Writing binary parser with Nom

I'm trying to write an parser for and a binary format using Nom,
I have limited experience in Rust and wrote some server side code with Axum, etc. but this is time when I couldn't avoid encountering borrow checker (eh..).

There is code I have:

use nom::number::complete::{le_u16, le_u32};
use nom::{combinator::map, sequence::tuple, IResult};

#[derive(Clone, Debug)]
pub struct BinaryFormat<'bfmt> {
    binary_data: &'bfmt [u8],
}

impl<'bfmt> BinaryFormat<'bfmt> {
    pub fn new(binary_data: &'bfmt [u8]) -> Self {
        Self { binary_data }
    }

    pub fn parse(&self) -> IResult<&[u8], ()> {
        let (_, header) = parse_chunk_header(self.binary_data)?;
        println!("header: {:?}", header);

        // TODO: continue parsing 

        Ok((self.binary_data, ()))
    }
}

#[derive(Clone, Debug, PartialEq, Eq)]
pub struct ChunkHeader {
    pub typ: u16,
    pub header_size: u16,
    pub chunk_size: u32,
}

pub fn parse_chunk_header(input: &[u8]) -> IResult<&[u8], ChunkHeader> {
    map(
        tuple((le_u16, le_u16, le_u32)),
        |(typ, header_size, chunk_size)| ChunkHeader {
            typ,
            header_size,
            chunk_size,
        },
    )(input)
}

#[cfg(test)]
mod tests {
    use super::*;
    use anyhow::Result;

    #[test]
    fn test_parser() -> Result<()> {
        let dir_path = std::path::Path::new("data/binaries");
        let files = dir_path.read_dir()?;
        for file in files {
            let file = file?.path().canonicalize()?;
            println!("testing {:?}", file);
            let file_bytes: Vec<u8> = std::fs::read(&file)?;
            let parser = BinaryFormat::new(file_bytes.as_slice());
            parser.parse()?;
        }

        Ok(())
    }
}

During running the test, getting this error:

error[E0597]: `file_bytes` does not live long enough
  --> src/binary_parser.rs:53:44
   |
52 |             let file_bytes: Vec<u8> = std::fs::read(&file)?;
   |                 ---------- binding `file_bytes` declared here
53 |             let parser = BinaryFormat::new(file_bytes.as_slice());
   |                          ------------------^^^^^^^^^^^^^^^^^^^^^-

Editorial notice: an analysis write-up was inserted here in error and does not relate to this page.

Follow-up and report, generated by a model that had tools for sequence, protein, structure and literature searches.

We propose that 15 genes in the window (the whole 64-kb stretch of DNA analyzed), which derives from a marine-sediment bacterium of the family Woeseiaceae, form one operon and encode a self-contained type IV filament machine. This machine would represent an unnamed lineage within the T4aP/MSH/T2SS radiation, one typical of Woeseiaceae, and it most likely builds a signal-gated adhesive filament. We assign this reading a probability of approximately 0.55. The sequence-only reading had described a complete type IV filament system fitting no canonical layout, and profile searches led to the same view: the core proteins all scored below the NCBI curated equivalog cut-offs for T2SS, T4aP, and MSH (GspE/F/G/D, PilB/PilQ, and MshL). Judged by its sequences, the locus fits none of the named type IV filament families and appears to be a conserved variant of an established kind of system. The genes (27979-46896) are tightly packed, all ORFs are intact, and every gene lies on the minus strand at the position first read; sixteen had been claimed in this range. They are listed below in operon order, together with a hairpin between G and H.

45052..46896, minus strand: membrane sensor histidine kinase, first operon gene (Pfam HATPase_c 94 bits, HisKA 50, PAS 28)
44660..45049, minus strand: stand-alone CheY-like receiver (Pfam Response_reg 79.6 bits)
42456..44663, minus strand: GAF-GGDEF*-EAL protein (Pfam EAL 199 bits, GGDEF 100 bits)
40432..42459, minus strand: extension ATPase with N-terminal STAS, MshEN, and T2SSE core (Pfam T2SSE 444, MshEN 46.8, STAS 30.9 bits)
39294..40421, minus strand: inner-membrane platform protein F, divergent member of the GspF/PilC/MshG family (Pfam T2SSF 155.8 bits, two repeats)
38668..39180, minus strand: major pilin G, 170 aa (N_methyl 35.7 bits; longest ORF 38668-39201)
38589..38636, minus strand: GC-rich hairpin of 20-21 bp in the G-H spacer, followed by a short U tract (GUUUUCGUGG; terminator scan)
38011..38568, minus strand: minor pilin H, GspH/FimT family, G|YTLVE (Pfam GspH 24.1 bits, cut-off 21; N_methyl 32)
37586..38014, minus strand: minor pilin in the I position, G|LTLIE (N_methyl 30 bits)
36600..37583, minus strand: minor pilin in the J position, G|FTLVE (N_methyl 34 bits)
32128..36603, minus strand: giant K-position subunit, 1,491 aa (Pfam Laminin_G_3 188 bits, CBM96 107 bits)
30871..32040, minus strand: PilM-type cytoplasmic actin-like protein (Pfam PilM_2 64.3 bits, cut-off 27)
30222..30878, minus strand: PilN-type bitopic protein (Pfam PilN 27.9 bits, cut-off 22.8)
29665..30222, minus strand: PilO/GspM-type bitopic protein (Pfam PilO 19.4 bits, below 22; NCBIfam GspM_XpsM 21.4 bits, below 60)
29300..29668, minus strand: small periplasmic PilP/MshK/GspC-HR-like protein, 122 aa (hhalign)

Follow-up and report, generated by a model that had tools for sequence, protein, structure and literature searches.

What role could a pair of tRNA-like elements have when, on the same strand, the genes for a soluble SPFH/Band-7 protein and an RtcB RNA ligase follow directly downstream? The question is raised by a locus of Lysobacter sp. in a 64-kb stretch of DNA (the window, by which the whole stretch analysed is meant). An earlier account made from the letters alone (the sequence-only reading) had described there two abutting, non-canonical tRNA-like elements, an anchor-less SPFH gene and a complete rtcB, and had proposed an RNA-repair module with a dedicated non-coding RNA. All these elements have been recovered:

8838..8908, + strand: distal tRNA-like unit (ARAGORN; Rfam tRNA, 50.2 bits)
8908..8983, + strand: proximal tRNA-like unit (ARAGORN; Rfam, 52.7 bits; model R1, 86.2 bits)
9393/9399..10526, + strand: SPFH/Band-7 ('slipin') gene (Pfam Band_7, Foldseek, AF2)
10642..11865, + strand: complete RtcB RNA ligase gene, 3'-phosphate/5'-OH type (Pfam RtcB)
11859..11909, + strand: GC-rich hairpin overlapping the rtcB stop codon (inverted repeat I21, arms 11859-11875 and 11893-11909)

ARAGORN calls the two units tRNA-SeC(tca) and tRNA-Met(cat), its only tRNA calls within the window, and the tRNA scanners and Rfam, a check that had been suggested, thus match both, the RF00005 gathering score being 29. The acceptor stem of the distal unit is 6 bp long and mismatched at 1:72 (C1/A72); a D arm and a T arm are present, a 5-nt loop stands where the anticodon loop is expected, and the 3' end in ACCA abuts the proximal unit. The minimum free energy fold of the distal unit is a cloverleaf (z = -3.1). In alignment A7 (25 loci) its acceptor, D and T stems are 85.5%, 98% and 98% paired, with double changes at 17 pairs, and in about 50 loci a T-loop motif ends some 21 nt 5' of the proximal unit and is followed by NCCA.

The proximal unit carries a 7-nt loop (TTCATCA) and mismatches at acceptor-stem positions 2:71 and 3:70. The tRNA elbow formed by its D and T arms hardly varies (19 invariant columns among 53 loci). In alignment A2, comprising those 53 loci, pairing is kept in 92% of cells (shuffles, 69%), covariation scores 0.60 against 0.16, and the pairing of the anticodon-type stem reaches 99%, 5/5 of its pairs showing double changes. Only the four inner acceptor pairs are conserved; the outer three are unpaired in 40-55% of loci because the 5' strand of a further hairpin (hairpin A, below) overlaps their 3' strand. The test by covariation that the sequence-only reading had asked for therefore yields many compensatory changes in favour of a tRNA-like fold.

|                          |                 |
   |                          |                 borrowed value does not live long enough
   |                          argument requires that `file_bytes` is borrowed for `'static`
54 |             parser.parse()?;
55 |         }
   |         - `file_bytes` dropped here while still borrowed

error[E0597]: `parser` does not live long enough
  --> src/binary_parser.rs:54:13
   |
53 |             let parser = BinaryFormat::new(file_bytes.as_slice());
   |                 ------ binding `parser` declared here
54 |             parser.parse()?;
   |             ^^^^^^^^^^^^^^
   |             |
   |             borrowed value does not live long enough
   |             argument requires that `parser` is borrowed for `'static`
55 |         }
   |         - `parser` dropped here while still borrowed

I had borrow checker problem within the code but managed to fixed it but now same in the test.

How can I better structure the code for my case?
Any guidance would be greatly appreciated!

Quick squiz at the nom docs suggests that the problem here is that errors coming out of the parser contain a borrow of the input. Those errors are being converted into anyhow::Error which requires the errors to be 'static. This leads the compiler to deduce that all the data you're borrowing in order to parse it must be 'static, which it can't be (since it's on the stack).

Edit: actually, anyhow::Error itself isn't the problem. The compiler wouldn't let you propagate the errors out of the scope in which the input data is borrowed from anyway.

It looks like you want to call e.to_owned() on the errors in the IResult before propagating them.

1 Like

One problem is that your signature of parse ties the returned lifetime to the lifetime of self (that's how elision rules are defined). You want to return &'bfmt [u8] instead.

That only gets rid of one of the errors, though; I'm still trying to figure out why the 'static bound exists.

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While your observation is correct, to_owned() won't fix the error because it isn't transitive (it doesn't convert to a type recursively containing owned types only).

After applying my other suggestion to make the signature less restrictive, the error can finally be fixed by Display-formatting the error instead: Playground.

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I changed return type of parser to parsed object (no buffer there), and handled IResult error within the parser method via match. Now it works. Thanks!

First, resolve the actual result type involved:

IResult<&[u8], (), _>
⇒ IResult<&[u8], (), Error<&[u8]>>
⇒ Result<(&[u8], ()), Err<Error<&[u8]>>>

There is a specific impl Err<Error<&[u8]>> that provides a to_owned method that converts from Err<Error<&[u8]>> to Err<Error<Vec<u8>>> which is owned, and thus won't induce the 'static borrow requirement.

You'd be correct if I'd said to call to_owned on the IResult, but I said to call to_owned on the errors in the IResult; that is, (...).map_err(|e| e.to_owned()).

1 Like

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